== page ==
Impact of Agricultural Management Practices on Sediment and Nutrient Losses to Runoff.
Zahangir Kabir, Aaron Ristow, and William Horwath. Univ of CA, Davis, Dept of LAWR, Davis, CA 95616
of Agricultural Management Practices on Sediment and Nutrient Losses to Runoff
Z. Kabir, Aaron Ristow and W. Horwath
The experiment was
conducted in the research plots and growers' fields in different agricultural management
practices. Farming practices that preserve or enhance soil cover entering the
rainy season appear to be effective at reducing cumulative runoff and, hence, nonpoint source pollutions (NPSP) load. In general,
research plots and grower fields demonstrate challenges to agricultural runoff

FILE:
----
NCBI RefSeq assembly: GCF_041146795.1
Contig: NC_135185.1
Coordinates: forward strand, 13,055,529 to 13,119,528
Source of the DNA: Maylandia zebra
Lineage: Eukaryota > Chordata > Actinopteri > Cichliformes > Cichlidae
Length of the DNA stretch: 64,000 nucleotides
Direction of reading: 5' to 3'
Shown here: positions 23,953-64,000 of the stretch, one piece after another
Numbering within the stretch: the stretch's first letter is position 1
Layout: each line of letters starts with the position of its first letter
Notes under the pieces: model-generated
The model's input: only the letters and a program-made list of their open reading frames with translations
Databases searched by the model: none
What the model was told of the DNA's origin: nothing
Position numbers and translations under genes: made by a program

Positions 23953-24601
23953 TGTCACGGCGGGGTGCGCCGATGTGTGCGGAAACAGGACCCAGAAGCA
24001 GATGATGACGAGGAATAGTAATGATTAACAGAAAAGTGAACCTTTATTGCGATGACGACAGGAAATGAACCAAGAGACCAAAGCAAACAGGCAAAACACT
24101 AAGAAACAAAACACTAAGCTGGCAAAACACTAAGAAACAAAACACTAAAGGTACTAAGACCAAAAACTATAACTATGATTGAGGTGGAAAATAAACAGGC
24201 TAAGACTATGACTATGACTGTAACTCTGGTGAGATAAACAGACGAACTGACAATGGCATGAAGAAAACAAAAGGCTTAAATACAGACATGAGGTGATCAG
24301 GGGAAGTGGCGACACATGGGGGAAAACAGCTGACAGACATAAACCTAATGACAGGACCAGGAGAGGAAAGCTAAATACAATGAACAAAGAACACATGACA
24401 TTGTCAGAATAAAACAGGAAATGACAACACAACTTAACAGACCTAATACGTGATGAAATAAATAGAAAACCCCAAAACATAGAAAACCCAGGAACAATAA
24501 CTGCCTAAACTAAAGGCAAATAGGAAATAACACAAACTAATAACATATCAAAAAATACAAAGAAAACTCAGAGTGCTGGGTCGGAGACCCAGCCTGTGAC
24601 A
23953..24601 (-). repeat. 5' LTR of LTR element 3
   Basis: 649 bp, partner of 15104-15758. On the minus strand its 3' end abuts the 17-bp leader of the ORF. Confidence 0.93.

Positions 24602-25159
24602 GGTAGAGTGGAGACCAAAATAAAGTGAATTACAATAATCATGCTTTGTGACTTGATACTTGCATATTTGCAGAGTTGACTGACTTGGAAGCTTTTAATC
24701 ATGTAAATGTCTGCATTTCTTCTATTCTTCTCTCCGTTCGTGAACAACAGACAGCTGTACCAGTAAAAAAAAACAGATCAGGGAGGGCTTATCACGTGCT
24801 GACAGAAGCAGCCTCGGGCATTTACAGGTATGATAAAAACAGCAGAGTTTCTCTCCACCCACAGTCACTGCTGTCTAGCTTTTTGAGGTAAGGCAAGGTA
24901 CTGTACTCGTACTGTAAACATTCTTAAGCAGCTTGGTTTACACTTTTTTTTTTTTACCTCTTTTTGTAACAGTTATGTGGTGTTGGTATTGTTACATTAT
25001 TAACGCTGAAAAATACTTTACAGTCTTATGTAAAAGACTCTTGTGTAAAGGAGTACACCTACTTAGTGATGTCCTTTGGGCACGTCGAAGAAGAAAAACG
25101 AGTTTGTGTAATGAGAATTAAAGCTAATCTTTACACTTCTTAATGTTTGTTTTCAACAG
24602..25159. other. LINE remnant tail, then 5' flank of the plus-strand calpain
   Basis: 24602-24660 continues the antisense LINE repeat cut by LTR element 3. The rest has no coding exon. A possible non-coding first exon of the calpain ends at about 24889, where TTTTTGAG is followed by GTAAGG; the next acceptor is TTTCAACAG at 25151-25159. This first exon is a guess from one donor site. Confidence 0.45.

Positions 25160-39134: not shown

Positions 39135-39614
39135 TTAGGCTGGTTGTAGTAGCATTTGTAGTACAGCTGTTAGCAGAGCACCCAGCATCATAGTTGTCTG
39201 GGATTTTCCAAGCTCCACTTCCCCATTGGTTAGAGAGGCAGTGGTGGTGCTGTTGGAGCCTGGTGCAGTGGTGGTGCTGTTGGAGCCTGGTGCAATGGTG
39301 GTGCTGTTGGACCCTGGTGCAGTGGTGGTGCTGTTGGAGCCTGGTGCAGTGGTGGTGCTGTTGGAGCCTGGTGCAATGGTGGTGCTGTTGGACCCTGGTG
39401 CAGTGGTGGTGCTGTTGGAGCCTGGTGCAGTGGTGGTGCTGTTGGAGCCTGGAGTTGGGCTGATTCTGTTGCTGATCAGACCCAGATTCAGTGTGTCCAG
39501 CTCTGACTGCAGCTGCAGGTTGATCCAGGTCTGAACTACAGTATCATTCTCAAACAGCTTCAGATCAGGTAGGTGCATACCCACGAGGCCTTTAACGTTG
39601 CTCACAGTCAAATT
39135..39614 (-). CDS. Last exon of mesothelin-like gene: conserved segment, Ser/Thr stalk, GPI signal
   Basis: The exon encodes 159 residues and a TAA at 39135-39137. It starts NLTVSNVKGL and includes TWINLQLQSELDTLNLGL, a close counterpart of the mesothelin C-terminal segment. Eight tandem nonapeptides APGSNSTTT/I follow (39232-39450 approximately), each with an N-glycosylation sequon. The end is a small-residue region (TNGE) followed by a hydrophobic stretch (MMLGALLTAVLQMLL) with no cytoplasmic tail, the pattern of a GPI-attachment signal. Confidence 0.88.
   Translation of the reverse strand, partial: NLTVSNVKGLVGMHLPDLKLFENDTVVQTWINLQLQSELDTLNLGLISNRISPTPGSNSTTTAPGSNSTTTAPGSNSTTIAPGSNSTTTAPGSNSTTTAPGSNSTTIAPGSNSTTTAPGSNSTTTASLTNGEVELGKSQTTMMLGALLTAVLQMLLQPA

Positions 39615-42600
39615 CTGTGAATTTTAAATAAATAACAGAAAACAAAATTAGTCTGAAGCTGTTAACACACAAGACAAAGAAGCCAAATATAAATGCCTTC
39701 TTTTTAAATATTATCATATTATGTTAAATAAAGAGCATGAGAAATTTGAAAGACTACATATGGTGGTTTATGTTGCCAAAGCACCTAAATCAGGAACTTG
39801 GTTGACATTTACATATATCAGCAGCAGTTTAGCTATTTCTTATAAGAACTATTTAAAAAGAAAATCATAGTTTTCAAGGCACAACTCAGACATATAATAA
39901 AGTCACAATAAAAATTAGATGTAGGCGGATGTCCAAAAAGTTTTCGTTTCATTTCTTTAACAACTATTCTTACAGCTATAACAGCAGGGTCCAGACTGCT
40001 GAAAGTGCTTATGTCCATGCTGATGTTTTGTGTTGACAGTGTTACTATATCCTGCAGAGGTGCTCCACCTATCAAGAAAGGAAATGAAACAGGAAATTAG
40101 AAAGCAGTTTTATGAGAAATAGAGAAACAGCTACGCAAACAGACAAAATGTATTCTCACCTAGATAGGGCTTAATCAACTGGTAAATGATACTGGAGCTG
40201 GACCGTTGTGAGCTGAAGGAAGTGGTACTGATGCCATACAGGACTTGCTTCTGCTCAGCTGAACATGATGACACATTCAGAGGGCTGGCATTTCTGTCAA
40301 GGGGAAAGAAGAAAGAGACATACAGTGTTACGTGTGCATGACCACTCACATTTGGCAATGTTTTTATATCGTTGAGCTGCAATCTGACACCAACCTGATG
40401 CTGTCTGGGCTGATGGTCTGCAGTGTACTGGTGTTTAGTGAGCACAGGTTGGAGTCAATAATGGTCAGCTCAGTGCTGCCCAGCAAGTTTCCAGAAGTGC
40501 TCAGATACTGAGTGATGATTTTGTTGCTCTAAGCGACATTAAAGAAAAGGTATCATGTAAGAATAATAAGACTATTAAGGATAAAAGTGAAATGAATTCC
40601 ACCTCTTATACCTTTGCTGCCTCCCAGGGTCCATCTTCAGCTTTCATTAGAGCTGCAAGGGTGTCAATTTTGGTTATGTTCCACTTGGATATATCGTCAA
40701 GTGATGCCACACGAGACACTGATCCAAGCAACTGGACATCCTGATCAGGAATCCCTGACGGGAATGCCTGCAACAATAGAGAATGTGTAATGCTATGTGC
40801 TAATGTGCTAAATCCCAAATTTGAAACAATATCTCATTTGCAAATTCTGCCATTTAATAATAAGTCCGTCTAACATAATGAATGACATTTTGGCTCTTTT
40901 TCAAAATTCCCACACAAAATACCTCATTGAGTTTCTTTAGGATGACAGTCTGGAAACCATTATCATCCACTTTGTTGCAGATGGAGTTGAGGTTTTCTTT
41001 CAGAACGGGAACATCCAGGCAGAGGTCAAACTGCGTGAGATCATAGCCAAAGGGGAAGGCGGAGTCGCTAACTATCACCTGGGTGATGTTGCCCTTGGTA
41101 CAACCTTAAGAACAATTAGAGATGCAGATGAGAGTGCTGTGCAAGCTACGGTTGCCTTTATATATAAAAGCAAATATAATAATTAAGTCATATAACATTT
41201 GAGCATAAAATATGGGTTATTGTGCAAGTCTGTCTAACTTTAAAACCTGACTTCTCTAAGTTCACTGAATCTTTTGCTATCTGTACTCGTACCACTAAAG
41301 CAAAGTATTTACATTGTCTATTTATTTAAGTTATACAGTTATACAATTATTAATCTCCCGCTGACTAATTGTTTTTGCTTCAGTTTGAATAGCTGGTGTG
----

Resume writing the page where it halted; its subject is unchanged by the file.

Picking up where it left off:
monitoring. Adherence to strict conservation tillage (CT) practices can
immediately reduce fuel costs, but the potential benefits to water quality may
take years to realize. In the short term, growers may have other water
conservation options, including reconfiguring fields to reduce runoff velocity
and thus erosion. Our research has shown that that winter cover
crops (WCC) and CT can behave differently in California compared to other areas. On a
farm scale, WCC significantly reduces winter runoff but also may affect subsoil
water recharge and soil moisture content at the time of planting. The potential
for winter WCC to alter the water budget of subsequent crops under furrow
irrigation systems poses important questions, considering future water supply
concerns. Additional research is needed to develop conceptual models that
correlate water inputs and load reductions with alternative agricultural
management practices in California.
Such information would be beneficial to water quality stakeholders hoping to
address future quality and supply issues.